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TMO Story About Fake Halal Causes $500,000 Fine Against Fraudster

November 23, 2011 by  


The following is based on a press release from Orange County District Attorney.

Ayub Khan

Anaheim market to pay hefty fine for false halal advertising

halalThe consumer protection laws, designed to protect halal consumers, have been languishing in the back burner and long forgotten until last year when the Muslim Observer raised the issue in a series of articles. It appears that it is having an effect. In what can be termed as a landmark case  the Orange County District Attorney (OCDA) has obtained a $527,000 civil settlement from Super King Market in Anaheim for falsely advertising and selling generic meat as Halal meat. The settlement was signed today, Nov. 21, 2011, by the Honorable David McEachen. Super King Market has multiple locations in Southern California, but this settlement is exclusive to the Anaheim location.

Halal is a term used to designate meat that has been butchered in a specific manner and slaughtered in the name of Allah, the Islamic name for God, making it permissible to eat in accordance with Islamic law.

The Anaheim Super King Market ordered and received various meats in their market, which was subsequently advertised as Halal. The defendant did not employ proper procedures to ensure the meat was indeed Halal, as advertised.

The OCDA began an investigation in 2010 after an inspection by the Orange County Health Department revealed that various meats were being delivered to the store without being clearly marked or labeled. Super King Market was also selling all meat from a display case indicating that the contents were Halal, but the contents were actually co-mingled in the walk-in freezer and refrigerator with various other generic meats that were delivered to the store.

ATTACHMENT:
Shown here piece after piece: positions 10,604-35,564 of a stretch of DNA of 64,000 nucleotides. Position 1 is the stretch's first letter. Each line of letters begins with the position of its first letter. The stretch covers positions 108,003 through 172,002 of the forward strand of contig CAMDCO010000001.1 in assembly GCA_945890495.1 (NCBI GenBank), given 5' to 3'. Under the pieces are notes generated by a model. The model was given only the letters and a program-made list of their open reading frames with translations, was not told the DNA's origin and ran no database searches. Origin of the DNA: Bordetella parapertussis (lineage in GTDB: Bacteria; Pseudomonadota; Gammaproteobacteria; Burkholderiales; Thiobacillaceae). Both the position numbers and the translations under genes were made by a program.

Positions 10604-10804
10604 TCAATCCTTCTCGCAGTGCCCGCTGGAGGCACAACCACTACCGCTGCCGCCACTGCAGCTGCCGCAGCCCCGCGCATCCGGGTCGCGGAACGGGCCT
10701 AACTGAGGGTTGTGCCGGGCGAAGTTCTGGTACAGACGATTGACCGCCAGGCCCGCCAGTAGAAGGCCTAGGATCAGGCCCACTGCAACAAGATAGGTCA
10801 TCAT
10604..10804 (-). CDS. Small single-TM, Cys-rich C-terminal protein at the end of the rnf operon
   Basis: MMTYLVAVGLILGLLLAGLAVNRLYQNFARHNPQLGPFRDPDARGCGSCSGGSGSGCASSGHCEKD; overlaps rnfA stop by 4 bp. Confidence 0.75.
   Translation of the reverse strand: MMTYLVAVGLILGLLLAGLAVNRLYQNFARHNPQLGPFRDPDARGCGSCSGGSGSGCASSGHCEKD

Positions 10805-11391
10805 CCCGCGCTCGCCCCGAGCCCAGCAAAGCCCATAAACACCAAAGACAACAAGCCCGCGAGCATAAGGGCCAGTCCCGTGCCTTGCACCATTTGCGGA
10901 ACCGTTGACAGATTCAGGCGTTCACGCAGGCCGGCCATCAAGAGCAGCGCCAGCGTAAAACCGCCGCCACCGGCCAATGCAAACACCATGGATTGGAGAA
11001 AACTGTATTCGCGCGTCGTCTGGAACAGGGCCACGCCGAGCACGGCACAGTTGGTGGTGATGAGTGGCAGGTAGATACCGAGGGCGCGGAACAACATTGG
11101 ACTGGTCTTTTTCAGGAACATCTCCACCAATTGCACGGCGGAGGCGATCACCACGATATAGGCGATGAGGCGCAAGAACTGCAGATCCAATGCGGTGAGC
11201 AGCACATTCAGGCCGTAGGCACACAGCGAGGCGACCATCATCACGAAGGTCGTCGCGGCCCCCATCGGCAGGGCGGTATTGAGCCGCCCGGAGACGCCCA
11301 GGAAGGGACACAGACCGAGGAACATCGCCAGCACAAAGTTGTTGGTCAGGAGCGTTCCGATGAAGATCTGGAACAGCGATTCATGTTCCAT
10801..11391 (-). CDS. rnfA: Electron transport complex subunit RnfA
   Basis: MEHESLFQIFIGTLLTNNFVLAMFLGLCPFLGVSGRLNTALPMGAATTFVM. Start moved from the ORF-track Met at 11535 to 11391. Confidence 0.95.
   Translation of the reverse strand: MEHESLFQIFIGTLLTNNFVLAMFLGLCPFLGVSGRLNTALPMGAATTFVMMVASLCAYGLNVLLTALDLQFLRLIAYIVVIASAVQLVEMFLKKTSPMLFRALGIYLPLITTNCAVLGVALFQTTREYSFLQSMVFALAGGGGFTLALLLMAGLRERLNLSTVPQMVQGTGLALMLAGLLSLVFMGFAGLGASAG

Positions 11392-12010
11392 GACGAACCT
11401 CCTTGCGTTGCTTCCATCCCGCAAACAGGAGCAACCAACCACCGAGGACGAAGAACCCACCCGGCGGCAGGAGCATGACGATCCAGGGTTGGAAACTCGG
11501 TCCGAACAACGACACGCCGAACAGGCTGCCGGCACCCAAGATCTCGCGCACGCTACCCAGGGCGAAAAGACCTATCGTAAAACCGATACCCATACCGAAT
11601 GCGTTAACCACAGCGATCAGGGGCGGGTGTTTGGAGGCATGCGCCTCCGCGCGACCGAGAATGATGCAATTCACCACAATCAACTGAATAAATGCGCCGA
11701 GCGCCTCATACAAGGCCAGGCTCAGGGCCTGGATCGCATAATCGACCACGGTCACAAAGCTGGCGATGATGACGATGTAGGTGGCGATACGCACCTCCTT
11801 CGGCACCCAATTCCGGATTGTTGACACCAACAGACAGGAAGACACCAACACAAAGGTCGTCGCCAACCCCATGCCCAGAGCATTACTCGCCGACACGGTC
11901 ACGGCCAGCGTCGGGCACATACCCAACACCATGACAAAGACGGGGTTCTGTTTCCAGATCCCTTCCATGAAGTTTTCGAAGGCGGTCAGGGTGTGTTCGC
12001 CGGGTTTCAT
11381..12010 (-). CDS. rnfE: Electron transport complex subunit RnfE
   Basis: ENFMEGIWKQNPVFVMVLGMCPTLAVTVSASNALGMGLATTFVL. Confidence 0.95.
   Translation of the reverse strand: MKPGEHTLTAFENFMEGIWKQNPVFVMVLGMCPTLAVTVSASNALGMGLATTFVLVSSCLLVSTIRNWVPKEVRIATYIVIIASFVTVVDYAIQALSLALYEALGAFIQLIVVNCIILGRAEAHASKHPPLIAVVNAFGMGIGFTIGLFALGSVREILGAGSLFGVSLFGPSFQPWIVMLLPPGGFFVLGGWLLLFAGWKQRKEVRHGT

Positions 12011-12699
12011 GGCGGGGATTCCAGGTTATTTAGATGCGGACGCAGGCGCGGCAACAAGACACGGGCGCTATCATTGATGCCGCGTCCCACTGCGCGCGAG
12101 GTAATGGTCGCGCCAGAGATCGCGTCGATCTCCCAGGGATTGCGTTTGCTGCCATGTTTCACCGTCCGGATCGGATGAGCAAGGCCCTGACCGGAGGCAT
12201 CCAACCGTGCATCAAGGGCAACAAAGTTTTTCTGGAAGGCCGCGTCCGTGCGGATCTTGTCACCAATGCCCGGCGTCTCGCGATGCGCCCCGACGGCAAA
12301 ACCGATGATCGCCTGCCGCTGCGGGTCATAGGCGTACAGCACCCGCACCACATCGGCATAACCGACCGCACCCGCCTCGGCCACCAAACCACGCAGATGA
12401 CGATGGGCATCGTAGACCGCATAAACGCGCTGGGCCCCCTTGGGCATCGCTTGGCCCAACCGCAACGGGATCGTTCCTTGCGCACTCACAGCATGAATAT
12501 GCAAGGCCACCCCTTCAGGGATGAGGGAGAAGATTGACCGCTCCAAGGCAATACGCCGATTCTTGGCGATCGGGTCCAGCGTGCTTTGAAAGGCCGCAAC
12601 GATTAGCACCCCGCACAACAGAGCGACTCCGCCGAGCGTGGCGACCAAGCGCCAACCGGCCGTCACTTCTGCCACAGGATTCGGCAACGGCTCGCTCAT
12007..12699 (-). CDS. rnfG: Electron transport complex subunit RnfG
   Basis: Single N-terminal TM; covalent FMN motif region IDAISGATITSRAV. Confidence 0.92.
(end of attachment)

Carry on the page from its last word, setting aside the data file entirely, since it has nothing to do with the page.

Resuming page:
The settlement did not require the defendant to admit fault or liability. Super King Market agreed to strict injunctive terms to prevent any future unfair or deceptive business practices. Super King Market is permanently enjoined from purchasing any meat without assuring its content is clearly designated on the invoice, packaging and box. Halal meats must be properly segregated from other meats. They are required to ensure every meat product in an area designated as Halal by a sign, placard or similar advertisement is actually of such nature.

This law is protects customers from deceptive and harmful business practices and also prevents the defendant from gaining an unfair advantage over legitimate businesses that spend time and resources ensuring that their products are properly purchased, labeled, and sold.

Deputy District Attorney Michelle Cipolletti from the Consumer Fraud Unit prosecuted this case.

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